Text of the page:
After spending two days on a stag do in Belgium’s second city, Antwerp, I discovered that it’s far too nice a place for blokes on the rampage. With a beautiful main square and cracking cafe culture, it’s a new entry in my top ten European cities. Read on to find out why it should be your next city break.
Situated on the banks of the River Scheldt in the Flemish speaking part of Belgium, just 15 miles from the border with the Netherlands, Antwerp doesn’t get anywhere near as many visitors as Brussels or Bruges. Which is good for you, as you can enjoy it in peace.
So what’s all this about hands?
Well, according to legend a giant called Antigoon demanded a toll from anyone crossing the river, and those who refused had a hand cut off and thrown away. People had had enough of the bullying giant, so a hero called Brabo cut the giant’s hand off himself, and threw it in the river. The name Antwerp comes from the Dutch words for “hand throw”. Hands can be seen all over the city – the one below is in the main shopping street, Meir.
So what is there to see and do in Antwerp?
For culture vultures
The city’s main square, Grote Markt, is one of the nicest you will ever see, with gold-topped guild houses all around it. Grab a seat at one of the pavement cafes and soak in the culture. There is a statue of the giant-slayer Brabo in the middle of the square – look closely and he is throwing nasty Antigoon’s hand away, with fountains of water rather than blood spurting from it.
Antwerp’s immense gothic cathedral (Onze-Lieve-Vrouwekathedraal, or OLV for short) can be seen from just about anywhere in the city, and is a great reference point if you get lost – it’s also handy if you need the time. As well as looking pretty stunning from the outside, I’ve since heard it’s a bit special on the inside too, with works of art by the famous painter Rubens.
I do like a tall building, and at a height of 123 metres, there can’t be too many taller than OLV in Belgium – shame I couldn’t climb the tower.
Alongside the banks of the Scheldt is Het Steen. This impressive looking castle is the oldest building in the city dating back to the Middle Ages, and now houses a maritime museum. Antwerp is the second biggest port in Europe after Rotterdam, so this fortress had an important part to play in protecting the city from invaders in days gone by.
For the men
Drinking beer is great fun in all of Belgium, as it should be anywhere in the world, but in Antwerp – referred to as the City of Pavement Cafes – it is an absolute joy. Find a bar (there are tonnes around the Grote Markt), sit inside or out, and order the local beer De Koninck (“The King”), served in its own distinctive round glass called a Bolleke. They’re very proud of De Koninck in Antwerp, and every bar sells it on draft.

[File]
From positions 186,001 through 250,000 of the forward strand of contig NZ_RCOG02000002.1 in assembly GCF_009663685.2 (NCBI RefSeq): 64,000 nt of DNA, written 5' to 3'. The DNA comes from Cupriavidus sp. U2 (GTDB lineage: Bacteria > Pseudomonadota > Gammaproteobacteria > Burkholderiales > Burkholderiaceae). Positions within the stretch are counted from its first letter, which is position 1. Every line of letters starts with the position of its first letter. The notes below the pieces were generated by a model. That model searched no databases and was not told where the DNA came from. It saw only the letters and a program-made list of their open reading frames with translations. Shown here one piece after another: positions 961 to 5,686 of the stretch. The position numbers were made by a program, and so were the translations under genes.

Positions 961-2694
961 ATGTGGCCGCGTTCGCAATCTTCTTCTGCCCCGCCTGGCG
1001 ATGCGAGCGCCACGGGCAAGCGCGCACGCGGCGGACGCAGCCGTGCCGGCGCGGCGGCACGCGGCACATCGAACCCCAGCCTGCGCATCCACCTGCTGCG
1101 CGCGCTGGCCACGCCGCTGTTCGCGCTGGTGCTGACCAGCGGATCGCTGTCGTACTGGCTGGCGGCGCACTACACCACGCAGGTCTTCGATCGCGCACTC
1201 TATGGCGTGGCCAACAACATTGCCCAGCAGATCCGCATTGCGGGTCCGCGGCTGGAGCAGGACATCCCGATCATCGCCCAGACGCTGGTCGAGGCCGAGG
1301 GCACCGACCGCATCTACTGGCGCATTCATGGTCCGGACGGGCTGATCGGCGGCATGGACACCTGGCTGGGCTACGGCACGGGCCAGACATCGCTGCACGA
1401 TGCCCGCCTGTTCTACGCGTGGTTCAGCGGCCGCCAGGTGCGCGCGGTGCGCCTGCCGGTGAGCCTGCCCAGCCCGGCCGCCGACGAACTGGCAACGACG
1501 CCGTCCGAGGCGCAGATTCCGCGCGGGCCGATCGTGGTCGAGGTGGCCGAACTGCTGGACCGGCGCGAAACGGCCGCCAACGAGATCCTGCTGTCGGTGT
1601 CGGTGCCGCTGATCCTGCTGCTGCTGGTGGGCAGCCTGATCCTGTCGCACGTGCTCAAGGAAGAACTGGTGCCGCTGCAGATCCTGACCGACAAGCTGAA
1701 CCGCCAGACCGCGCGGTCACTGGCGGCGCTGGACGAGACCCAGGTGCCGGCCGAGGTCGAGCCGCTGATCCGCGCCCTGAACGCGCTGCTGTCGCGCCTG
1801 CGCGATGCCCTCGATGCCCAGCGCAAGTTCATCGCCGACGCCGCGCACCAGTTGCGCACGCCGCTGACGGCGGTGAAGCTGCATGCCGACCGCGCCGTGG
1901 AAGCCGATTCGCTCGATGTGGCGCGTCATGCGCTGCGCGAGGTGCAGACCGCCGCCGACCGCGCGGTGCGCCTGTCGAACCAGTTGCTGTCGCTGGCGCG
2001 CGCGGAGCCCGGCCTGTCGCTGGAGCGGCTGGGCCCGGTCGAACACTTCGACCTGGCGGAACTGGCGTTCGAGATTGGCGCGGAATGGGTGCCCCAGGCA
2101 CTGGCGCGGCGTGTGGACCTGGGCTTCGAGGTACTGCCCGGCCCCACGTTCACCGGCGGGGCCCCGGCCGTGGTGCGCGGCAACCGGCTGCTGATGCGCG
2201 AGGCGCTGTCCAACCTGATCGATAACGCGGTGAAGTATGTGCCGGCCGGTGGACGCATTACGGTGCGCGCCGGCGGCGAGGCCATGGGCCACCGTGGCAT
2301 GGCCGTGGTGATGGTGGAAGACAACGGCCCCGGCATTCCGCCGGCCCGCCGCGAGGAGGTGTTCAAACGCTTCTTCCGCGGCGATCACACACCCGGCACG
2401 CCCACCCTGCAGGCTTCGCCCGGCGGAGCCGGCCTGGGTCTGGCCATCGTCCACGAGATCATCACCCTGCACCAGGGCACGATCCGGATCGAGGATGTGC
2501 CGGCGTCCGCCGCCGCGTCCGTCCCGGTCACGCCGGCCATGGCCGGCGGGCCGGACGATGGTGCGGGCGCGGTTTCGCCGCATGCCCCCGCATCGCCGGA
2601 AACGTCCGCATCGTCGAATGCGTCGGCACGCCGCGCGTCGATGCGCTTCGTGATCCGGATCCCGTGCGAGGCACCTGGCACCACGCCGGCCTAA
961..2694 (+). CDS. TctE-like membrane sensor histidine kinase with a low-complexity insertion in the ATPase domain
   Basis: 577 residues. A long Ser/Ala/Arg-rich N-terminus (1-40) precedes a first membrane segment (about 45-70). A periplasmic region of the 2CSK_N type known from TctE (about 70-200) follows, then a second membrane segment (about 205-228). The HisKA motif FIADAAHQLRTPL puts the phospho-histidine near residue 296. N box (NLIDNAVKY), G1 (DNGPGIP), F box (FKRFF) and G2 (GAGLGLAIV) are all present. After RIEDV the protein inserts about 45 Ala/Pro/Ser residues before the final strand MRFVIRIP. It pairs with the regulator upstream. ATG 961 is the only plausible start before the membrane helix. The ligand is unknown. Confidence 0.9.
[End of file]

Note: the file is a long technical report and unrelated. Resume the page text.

In the unlikely event that you get tired of this 5.2% dark amber coloured concoction, there are hundreds of other beers to sample – fruit beers, trappist beers, wheat beers, Duvel, Stella Artois, Maes, the list goes on…
Being a port city, seafood is big in Antwerp and we enjoyed a fantastic meal of mussels in separate trays of white wine, beer and garlic. Other than that, our stag do staple was fries with mayonnaise from the many Frituurs around town, although we did see plenty of intimate restaurants with hand-written menus on black chalk-boards outside.
I missed breakfast in our hotel, so had warm Belgian waffles with chocolate sauce for €2.50 – a heavenly start to the day. These are sold at little shacks dotted around the historic centre, and are not to be missed.
Chocolate and Belgium have become a bit of a cliche, but you can’t leave Antwerp without visiting a chocolatier and bringing a box or two home. There are a couple of magical chocolate shops on Jan Blomstraat near the cathedral. I dithered about which one to choose, before buying a box of the ubiquitous Antwerp chocoalate hands (Antwerpse Handjes), and very nice they were too.
For the ladies
Antwerp has a reputation for being something of a shoppers’ mecca, with a mixture of high street stores and independent boutiques, and is regarded in fashion circles as being on a par with London, Paris and Milan.
The Antwerp Six – six local fashion designers – put the city on the map in the 1980s, when they made international headlines for their innovative designs. The only one I’ve heard of is Dries Van Noten. As I was part of the Antwerp Fourteen on a stag do, the only shopping I did was for beer.
Antwerp has a city centre zoo, right next to the train station. It’s one of the oldest zoos in Europe, but I didn’t have chance to visit – I saw enough animal behaviour the night before with my friends.
Over 80% of the world’s rough diamonds pass through the city, making it the unofficial diamond capital of the world. The Diamond District, in the streets around the train station, is a popular place for couples to buy discounted engagement rings.
We stayed at the Holiday Inn Express in the Het Eilandje area to the north of the city centre. This district is a bit like Liverpool’s Albert Dock, with museums, a few restaurants and bars surrounding a marina.
Although it has its own tiny airport, there are few flights to Antwerp from the UK. It’s best to get the train there from Brussels Airport (43 minutes), Amsterdam Schiphol Airport (56 minutes on the high-speed Thalys service) or the Eurostar from London St. Pancras via Brussels (3 hours 18 minutes).